black sheep


Fights break out between shoppers in Stretford. A man in Salford threatens to “smash a shop assistant’s face in.” Police make numerous arrests for assault. A woman is injured by a falling TV; another has her wrist broken in a customer pile-up.

Was it round 2 of the London riots?


Tesco’s was selling electricals at 20% off.

This was Black Friday – an event as depressing as its name suggests. An exclusive one day only (two day only…extended weekend only…5 day only…) Flash Sale! in which everything is sold on the cheap – ranging from clothes and turkeys to Christmas Spirit and common decency.

Yet there is hope for the alternative folk like us who want to resist the mainstream masses and support local independent business. Saturday the 6th December is Small Business Saturday. Here, you can shop without leaving a massive footprint of Christmas consumerism on the planet, let alone on your neighbour’s face. There is a way to deck your halls and not get decked yourself. It is possible to save money, conscience and time – all on a student budget. Here’s how you too can enjoy an ethical little Christmas.


Exeter is stocked with vintage stores, including the Real McCoy, Bizarre Vintage, Relevant and Reloved down Fore Street to name a few. But these are often expensive and limited in choice, constructing pre-packaged Urban Outfitters-lite getups aplenty. Be more savvy and do the leg work yourself at charity shops. You’ll come across serious mistakes alongside serious finds. Sidwell Street is the place to go – shops are small but there’s a lot of them so you’re sure to bag a bargain if you look long enough. Levis, Adidas and many designer labels are often there for the taking at the cost of a pint. Also don’t miss Sancho’s Dress on West Street. Fairtrade, recycled, and ethical, these stunning Ethiopian designs make African clothing and accessories that will look good on anyone. Also, why not buy your Christmas cards here while you’re at it? You know you’re never actually going to send them unless you’re feeling particularly smug this year, so you might as well just count it as a donation.


Exeter is in no way short on independent cafes, and luckily Christmas shopping entitles you to half-past-ninesis and half-past-tensis before your elevensis, so you can try them all. Look out for Devon Coffee, Mango’s, The Crystal Café and The Exploding Bakery. You can get proper coffee in shops that actually pay their taxes and won’t serve it to you in a lukewarm bucket. Homemade food also tends to be better at catering for those trying to live gluten-free, dairy-free, meat-free, plastic-free, road-mile free etc etc.


‘Eat You Greens’ on Sidwell Street offer decently priced if slightly misshapen vegetables. Don’t leave without your raffle ticket, so you can WIN MORE VEG. Get your teeth stuck into Hartnell’s Fresh Foods Butchers on Longbrooke Street for meaty goods. They do really good student and bulk offers on organic and free-range meat, so as long as you have a freezer you’ll be winning when you come back to Uni in January. For homemade mincepies, organic dried fruits, fairtrade chocolates, fresh bread and locally produced dairy products, you can get everything you need for Christmas at Seasons on Well Street and the Real Food Store on Heavitree. Keep an eye out for their range of products that supports producers in Palestine, and know your shopping with your political priorities in order.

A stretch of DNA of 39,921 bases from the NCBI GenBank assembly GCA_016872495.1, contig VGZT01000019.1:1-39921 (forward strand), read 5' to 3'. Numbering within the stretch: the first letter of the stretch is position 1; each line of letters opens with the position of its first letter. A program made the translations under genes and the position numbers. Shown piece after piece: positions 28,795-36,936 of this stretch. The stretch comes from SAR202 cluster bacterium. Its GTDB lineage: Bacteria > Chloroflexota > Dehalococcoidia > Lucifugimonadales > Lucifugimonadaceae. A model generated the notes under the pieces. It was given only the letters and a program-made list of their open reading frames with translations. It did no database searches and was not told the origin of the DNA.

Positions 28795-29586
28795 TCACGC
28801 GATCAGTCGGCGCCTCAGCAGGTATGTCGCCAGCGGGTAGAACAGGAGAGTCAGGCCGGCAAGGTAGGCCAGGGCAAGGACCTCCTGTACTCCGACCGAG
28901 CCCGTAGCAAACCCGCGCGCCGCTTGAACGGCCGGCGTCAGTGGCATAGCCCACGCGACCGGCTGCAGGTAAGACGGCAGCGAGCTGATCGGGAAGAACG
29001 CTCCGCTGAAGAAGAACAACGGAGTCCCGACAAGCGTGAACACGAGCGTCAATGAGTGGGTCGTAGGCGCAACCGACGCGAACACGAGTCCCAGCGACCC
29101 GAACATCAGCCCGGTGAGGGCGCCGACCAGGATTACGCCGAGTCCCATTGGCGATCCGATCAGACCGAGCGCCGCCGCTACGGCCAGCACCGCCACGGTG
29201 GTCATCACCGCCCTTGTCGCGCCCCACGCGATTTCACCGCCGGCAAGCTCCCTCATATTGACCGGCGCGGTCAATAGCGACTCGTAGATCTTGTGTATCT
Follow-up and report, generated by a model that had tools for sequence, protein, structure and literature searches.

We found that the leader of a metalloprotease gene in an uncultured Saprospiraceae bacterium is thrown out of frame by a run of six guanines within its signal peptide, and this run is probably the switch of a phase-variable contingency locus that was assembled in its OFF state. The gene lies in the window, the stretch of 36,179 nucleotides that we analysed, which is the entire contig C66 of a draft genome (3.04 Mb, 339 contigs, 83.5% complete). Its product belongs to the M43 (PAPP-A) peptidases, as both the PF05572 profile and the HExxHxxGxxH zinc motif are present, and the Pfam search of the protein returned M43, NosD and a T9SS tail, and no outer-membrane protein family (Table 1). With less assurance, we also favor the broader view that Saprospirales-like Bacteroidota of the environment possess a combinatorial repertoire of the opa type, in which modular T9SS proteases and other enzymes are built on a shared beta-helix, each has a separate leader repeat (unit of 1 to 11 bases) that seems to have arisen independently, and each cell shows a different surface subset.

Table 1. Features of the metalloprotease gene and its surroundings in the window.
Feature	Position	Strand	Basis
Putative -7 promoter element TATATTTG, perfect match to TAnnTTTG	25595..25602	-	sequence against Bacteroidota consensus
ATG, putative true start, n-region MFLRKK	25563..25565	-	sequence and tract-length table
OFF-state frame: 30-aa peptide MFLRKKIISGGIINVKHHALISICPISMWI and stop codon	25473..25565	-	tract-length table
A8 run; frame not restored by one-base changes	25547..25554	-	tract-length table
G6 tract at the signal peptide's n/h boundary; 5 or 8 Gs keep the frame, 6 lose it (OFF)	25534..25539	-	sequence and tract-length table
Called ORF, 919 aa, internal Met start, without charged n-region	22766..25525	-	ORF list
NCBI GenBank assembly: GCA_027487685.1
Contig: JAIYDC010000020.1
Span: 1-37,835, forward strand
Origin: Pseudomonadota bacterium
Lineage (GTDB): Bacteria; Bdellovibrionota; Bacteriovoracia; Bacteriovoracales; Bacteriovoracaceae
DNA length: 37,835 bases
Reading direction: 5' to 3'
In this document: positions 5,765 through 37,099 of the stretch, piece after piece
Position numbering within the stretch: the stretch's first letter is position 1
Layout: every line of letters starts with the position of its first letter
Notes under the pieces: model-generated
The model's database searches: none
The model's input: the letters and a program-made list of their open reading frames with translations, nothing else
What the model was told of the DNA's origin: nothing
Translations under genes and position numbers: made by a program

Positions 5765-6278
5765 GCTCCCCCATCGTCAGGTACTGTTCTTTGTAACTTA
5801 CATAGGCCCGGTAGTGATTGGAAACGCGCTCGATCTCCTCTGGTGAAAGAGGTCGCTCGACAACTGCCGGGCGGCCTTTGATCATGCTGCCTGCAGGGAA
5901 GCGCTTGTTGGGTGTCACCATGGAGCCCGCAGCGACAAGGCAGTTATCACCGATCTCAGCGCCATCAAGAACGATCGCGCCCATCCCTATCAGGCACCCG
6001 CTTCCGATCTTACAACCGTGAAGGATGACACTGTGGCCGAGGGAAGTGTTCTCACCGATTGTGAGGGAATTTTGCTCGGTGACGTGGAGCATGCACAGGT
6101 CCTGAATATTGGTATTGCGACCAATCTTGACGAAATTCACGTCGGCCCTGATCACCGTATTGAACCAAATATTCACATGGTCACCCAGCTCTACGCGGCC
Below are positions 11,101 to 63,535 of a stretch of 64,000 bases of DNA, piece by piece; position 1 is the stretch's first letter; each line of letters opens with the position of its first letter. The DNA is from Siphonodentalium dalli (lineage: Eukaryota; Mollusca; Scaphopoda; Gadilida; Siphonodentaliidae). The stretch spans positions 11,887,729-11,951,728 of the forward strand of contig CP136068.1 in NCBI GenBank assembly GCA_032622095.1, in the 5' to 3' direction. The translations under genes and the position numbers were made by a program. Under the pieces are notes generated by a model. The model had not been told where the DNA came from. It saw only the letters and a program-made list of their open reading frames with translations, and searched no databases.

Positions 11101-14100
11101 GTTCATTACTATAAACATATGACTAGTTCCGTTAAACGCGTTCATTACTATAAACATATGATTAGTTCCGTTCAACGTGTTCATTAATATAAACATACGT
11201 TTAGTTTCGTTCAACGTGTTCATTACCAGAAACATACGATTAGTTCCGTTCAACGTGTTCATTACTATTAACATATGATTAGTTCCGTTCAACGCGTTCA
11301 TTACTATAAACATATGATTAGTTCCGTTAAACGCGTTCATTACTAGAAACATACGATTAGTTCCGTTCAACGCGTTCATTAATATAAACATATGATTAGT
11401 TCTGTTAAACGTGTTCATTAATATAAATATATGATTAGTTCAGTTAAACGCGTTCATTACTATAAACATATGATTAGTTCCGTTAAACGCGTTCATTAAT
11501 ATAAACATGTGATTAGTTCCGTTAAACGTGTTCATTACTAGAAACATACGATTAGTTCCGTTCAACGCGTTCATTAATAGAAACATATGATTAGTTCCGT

The Bike Shed Theatre is a fantastically quirky independent establishment, sitting beneath an independent bike shop. It’s a theatre, a live music venue and a bar serving everything from sophisticated cocktails and small plates to pints and a bag of Nobbies. The Exeter Phoenix and The Picturehouse are great art-house cinemas for film buffs and wannabe cool kids who need to brush up on their French existentialist ciné and Terrence Malick epics. The Picturehouse isn’t technically independent, but the handful of Picturehouse venues showcases both the big hits and the independent films that are a little less – whisper it – mainstream. Often with panel discussions before/after film screenings, you can get great locally produced food, lagers and ales at the bar and take them into the film. Bliss.

 Dining out

New Horizons on Longbrooke and the Dinosaur Cafe on New North Road are great places for traditional, homemade, Middle Eastern cuisine where the portion sizes will have you dine like all three of the kings while on a student budget. Service is more than welcoming too. When I first ate at Dino’s I didn’t realise they didn’t accept cards – he told me to come back with cash another day. Weatherspoon’s wouldn’t give me extra salad dressing. Point made. For vegetarians and vegans, try Herbies, the hugely popular independent on North Street. You might have to drag your friends into a veggie place, but the food is so good you’ll then have to drag them back out again.

So I hope this helps you keep your sanity as well as your kneecaps when out shopping this Christmas. Enjoy!